|Appears in Collections:||Psychology Journal Articles|
|Peer Review Status:||Refereed|
|Title:||Using composite images to assess accuracy in personality attribution to faces|
Perrett, David I
Face Social aspects
|Citation:||Little A & Perrett DI (2007) Using composite images to assess accuracy in personality attribution to faces. British Journal of Psychology, 98 (1), pp. 111-126. https://doi.org/10.1348/000712606X109648|
|Abstract:||Several studies have demonstrated some accuracy in personality attribution using only visual appearance. Using composite images of those scoring high and low on a particular trait, the current study shows that judges perform better than chance in guessing others’ personality, particularly for the traits conscientiousness and extraversion. This study also shows that attractiveness, masculinity, and age may all provide cues to accurately assess personality and that accuracy is affected by the sex of both of those judging and being judged. Individuals do perform better than chance at guessing another’s personality from only facial information, providing some support for the popular belief that it is possible to accurately assess personality from faces. However, this accuracy is somewhat limited.|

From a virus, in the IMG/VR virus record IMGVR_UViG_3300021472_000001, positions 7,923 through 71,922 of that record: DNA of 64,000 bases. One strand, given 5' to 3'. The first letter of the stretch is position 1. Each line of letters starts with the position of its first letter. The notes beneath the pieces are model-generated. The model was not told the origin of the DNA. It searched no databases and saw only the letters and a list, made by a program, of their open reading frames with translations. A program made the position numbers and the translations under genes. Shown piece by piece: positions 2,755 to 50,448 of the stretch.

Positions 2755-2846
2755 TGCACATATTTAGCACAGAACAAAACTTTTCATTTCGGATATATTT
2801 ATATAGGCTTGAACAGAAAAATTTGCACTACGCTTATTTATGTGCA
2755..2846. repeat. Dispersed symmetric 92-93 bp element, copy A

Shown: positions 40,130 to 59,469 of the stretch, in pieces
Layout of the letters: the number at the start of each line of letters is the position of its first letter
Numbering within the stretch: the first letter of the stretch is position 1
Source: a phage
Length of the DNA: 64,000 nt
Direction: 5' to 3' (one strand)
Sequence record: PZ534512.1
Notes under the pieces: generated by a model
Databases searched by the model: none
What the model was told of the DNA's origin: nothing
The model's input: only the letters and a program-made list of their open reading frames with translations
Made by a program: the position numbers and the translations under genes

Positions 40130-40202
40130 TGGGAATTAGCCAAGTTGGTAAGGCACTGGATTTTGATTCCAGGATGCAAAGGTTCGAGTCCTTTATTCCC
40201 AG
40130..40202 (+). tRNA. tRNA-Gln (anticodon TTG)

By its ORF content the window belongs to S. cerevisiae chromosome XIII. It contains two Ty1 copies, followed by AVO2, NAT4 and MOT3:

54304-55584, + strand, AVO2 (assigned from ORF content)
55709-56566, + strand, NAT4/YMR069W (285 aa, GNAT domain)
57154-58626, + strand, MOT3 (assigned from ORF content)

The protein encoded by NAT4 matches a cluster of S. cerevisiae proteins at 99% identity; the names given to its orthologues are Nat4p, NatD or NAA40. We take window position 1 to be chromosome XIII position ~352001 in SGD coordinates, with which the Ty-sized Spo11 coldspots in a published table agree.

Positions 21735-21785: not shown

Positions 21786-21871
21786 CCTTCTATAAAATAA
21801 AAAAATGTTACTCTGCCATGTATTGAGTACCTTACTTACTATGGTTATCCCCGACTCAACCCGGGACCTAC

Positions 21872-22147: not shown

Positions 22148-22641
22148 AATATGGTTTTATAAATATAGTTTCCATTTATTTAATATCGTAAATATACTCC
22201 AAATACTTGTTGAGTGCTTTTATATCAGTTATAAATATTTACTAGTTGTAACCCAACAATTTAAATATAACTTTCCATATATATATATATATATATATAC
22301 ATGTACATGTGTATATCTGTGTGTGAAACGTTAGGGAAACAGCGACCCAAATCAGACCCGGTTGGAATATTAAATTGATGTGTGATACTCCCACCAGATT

|Rights:||This is the peer reviewed version of the following article: Little, A. C. and Perrett, D. I. (2007), Using composite images to assess accuracy in personality attribution to faces. British Journal of Psychology, 98: 111-126, which has been published in final form at https://doi.org/10.1348/000712606X109648. This article may be used for non-commercial purposes in accordance With Wiley Terms and Conditions for self-archiving.|
|Little_Self_Personality_Composites_revise_final_corrections.pdf||Fulltext - Accepted Version||221.83 kB||Adobe PDF||View/Open|
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